The recent decline in earnings growth estimates for the second quarter is in alignment with negative guidance given by companies, reports Thomson Reuters.
Greg Harrison of Thomson Reuters in the earnings roundup report for the second quarter observes there have been 96 negative pre-announcements and only 14 positive ones among the S&P 500 companies making pre-announcements.
Conservative Earnings Estimates
With the first S&P 500 companies starting to report their second-quarter results, Greg Harrison feels the earnings estimates will be conservative in an environment of low expectations.
Thomson Reuters’ report comes on top of earlier reports from various analysts expecting negative results from S&P companies. For instance, CNBC’s Alex Rosenberg reports that their compilation of the data indicates that 81 percent of the guidance given by S&P 500 (INDEXSP:.INX) companies for the second quarter of the year has been negative.
Greg Harrison notes based on current trends, analysts expect earnings of S&P 500 companies to grow by 3.4 percent over last year’s second quarter. However, on the revenue front, the estimates are still gloomier with only 1.9 percent growth anticipated.
The low estimates from analysts mirror the negative guidance provided by companies. For instance, there have been 96 negative pre-announcements, while the positive pre-announcements account for mere 14 percent.
Justifying his rationale for such a pessimistic view, Greg Harrison throws light on the gloomy scenario with the help of the following graph that plots Q2 growth rate estimate trend and weekly pre-announcements (right axis):
As seen above, the negative guidance provided by companies have outnumbered positives by several times during the past over one month.
In terms of sector, materials sector contributed the maximum fall in its estimated growth rate throughout the quarter. The materials sector’s growth rate fell 13.8 percentage points to the current -2.9 percent. Companies operating in the materials sector provided seven negative pre-announcements, while two provided positive pre-announcements. The economic slowdown has hurt the sector’s earning, with its sub-industry steel expected to post a substantial 74 percent decline in its earnings. Analysts anticipate diverse metals and mining and gold sub-industries would post double-digit decline in their earnings.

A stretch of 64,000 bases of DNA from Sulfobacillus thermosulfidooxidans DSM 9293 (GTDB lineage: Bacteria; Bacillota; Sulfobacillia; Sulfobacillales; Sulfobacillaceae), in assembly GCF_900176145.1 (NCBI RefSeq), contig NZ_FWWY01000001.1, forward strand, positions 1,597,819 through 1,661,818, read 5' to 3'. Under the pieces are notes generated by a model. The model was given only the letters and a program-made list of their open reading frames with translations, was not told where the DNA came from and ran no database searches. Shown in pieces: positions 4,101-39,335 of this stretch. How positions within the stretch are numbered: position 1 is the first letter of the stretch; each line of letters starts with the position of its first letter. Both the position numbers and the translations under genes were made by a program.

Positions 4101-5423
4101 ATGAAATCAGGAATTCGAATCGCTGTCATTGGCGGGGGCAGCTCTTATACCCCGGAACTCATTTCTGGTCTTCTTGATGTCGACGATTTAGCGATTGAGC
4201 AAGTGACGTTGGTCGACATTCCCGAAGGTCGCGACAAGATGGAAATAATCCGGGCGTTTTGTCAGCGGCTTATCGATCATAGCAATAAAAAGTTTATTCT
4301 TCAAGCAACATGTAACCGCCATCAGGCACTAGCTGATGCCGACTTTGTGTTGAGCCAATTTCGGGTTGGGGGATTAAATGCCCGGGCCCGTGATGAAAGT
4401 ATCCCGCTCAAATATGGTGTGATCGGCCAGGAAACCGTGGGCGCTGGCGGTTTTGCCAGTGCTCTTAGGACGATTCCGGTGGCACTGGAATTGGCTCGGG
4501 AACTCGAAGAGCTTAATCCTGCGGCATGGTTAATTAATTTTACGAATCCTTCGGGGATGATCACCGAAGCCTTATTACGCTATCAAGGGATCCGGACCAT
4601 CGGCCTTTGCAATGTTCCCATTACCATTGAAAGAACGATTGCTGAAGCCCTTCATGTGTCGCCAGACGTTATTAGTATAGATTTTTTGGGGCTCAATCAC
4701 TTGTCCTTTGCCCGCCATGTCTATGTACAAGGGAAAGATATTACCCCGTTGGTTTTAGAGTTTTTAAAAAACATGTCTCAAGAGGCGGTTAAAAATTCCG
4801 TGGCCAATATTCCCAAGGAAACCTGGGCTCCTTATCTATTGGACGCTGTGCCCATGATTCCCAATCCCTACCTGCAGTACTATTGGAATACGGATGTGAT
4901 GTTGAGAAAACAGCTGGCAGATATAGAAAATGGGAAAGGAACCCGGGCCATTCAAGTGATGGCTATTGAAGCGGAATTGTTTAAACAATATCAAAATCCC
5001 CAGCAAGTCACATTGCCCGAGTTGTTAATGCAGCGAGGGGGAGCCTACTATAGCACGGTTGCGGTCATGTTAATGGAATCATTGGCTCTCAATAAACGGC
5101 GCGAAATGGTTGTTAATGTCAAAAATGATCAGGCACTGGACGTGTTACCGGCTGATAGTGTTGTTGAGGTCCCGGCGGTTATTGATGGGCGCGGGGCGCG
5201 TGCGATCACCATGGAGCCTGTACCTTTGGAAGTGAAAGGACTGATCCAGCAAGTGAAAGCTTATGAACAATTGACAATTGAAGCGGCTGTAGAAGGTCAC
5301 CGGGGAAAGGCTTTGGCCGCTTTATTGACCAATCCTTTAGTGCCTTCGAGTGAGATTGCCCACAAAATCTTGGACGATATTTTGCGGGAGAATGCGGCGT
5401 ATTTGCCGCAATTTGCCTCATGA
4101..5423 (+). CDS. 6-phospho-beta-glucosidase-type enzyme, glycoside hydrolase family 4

Greg Harrison feels companies operating in the industrials sector too saw its growth estimates falling by 4.5 percentage points, since the beginning of the second quarter in April. The slow industrial activity in the Chinese market is considerably hurting earnings in the sector. Such reduction in earnings is visible in construction and farm machinery and heavy trucks sub-industry.
Interestingly, Greg Harrison observes the consumer discretionary sector posting 6 percent earnings growth. This sector has the third-highest expected earnings growth of the 10 sectors for the second quarter. Companies operating in consumer discretionary sector have sounded more bearish than the analysts on the earnings front. Retailers have provided the majority of negative pre-announcements.
Within retailers, computer and electronic retailers expect to post a staggering 60 percent earnings decline. However, analysts anticipate marginal shrinkage in the profits at departmental stores and general merchandise retailers. The retailers operating in Internet, home improvement and apparel industries, however, anticipate double-digit positive growth rates.
As reported earlier, Greg Harrison of Thomson Reuters has provided a detailed report on the negative pre-announcements made by various industries.